Believe it or not, increased costs of daily living can impact nutrition care. Increasing numbers of Americans are experiencing food insecurity – more than 38 million people, including 12 million children. Oftentimes, the patients and clients who dietitians serve experience food insecurity. Being educated on food insecurity and equipped with solutions can help to provide more tailored nutrition interventions.
What is food insecurity?
According to the United States Department of Agriculture (USDA), food insecurity refers to a lack of reliable access to healthy, nutritious food. Food insecurity can exist on a spectrum with different causes and levels of impact. Consider these scenarios that all illustrate food insecurity.
- A family living in a rural community is without access to a community grocery store. Depending on their financial resources and means of transportation, they may rely on local food stands for fresh produce in the summer months and go without most fruits and vegetables during the winter.
- An individual who is unhoused may lack appropriate refrigeration, food storage, and/or means to cook or heat food items. As a result, they choose ready-to-eat, single serving foods that can be eaten at room temperature.
- An elderly widow struggles to make ends meet while living on a fixed income. She lives alone in her home, and with the rising costs of utilities, gas, groceries, and medications, she relies more and more on food pantries and meal delivery services for older adults. As a result, she has little choice is what foods she eats.
How food insecurity impacts nutrition interventions
When our patients and clients lack reliable access to nutritious food, it may be difficult to implement nutrition recommendations they receive from a dietitian. Eating healthy foods may be too expensive or unavailable to them. When it comes to food, a patient’s priority may simply be to eat…period.
Part of a dietitian’s nutrition assessment should investigate what our clients need, where and how they obtain food, and how much they are able to spend on food. Doing so can help to ensure nutrition interventions are feasible and will help to empower the patient or client to implement some of the nutrition recommendations. Not sure where to start? Consider these tips.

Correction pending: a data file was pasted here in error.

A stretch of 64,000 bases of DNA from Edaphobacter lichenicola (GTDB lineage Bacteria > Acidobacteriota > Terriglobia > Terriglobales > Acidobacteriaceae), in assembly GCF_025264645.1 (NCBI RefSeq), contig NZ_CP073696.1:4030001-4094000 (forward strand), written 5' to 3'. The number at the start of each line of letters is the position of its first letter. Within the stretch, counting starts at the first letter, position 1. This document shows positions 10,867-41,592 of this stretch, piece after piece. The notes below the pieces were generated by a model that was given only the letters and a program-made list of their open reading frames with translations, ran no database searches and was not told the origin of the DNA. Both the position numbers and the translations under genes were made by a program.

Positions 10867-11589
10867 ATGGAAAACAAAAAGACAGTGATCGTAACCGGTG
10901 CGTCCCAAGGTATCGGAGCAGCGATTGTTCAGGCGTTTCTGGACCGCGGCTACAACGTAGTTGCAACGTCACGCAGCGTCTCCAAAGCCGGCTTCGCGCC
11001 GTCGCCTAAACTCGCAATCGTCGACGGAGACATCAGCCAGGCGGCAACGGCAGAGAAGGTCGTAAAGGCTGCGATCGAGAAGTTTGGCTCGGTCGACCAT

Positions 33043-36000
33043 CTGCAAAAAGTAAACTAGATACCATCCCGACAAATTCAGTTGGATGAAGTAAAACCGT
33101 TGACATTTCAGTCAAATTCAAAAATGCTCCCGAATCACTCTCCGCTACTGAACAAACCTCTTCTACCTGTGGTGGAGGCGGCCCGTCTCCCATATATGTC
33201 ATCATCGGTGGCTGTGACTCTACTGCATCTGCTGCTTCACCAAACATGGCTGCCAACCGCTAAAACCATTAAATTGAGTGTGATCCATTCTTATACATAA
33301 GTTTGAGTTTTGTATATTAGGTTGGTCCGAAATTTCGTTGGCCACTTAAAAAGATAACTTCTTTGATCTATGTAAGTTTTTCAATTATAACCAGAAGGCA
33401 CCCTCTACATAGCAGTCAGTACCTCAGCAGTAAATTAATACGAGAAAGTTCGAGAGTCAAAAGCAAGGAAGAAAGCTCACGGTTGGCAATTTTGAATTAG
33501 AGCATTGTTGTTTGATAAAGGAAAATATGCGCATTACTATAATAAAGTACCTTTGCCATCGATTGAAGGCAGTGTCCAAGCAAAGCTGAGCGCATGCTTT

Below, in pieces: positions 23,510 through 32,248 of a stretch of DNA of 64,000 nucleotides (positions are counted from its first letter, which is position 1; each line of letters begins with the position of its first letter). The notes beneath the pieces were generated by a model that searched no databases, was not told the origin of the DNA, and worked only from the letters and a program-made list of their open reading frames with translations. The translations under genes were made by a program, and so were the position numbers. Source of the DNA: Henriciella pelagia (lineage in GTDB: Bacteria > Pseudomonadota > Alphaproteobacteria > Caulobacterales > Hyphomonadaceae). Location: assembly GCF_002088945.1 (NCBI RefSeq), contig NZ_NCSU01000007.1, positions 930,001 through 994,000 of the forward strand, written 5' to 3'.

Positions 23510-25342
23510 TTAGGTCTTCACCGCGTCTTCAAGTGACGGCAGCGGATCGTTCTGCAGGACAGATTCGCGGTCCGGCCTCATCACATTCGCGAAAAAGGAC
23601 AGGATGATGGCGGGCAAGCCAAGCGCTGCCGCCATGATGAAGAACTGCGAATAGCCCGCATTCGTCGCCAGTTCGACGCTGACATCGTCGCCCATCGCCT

- Ask about a patient’s living situation. Do they have access to a refrigerator, stove, hot plate, microwave, oven, etc.? What about kitchen utensils and cookware? How would they rate their cooking skills from novice to competent?
- Ask how and where a patient obtains food. Open-ended questions are better. Rather than asking, “Where do you do your grocery shopping?” ask instead, “Where do you get food to eat?”
- Modify nutrition recommendations to what is financially feasible. This may be more important for some patients than making comprehensive nutrition recommendations. Start small with goals that seem within reach.
- Educate yourself about resources in the community for individuals and families with food insecurity. Collaborate with a social worker or reach out to community-based organizations who serve this population to learn more about what services are offered and where.
- Know the grocery store chains in various areas of town. Also become familiar with convenience stores, “mom and pop” shops, food stands, ethnic grocery stores, food banks, USDA food distributions, and other establishments or programs that may be used to obtain food and what food choices are available in each location.
Dietitians can be advocates for their patients’ health by being realistic in their nutrition recommendations. Rather than making assumptions, ask questions of your clients to better tailor your nutrition intervention to their individual needs.
Courtney Lee MS, RDN, CLT, CFCS has a virtual private practice specializing in personalized nutrition & anti-inflammatory diets. She loves helping people use nutrition to change their lives and enjoys empowering other RDNs to do the same! www.courtneyleerd.com.
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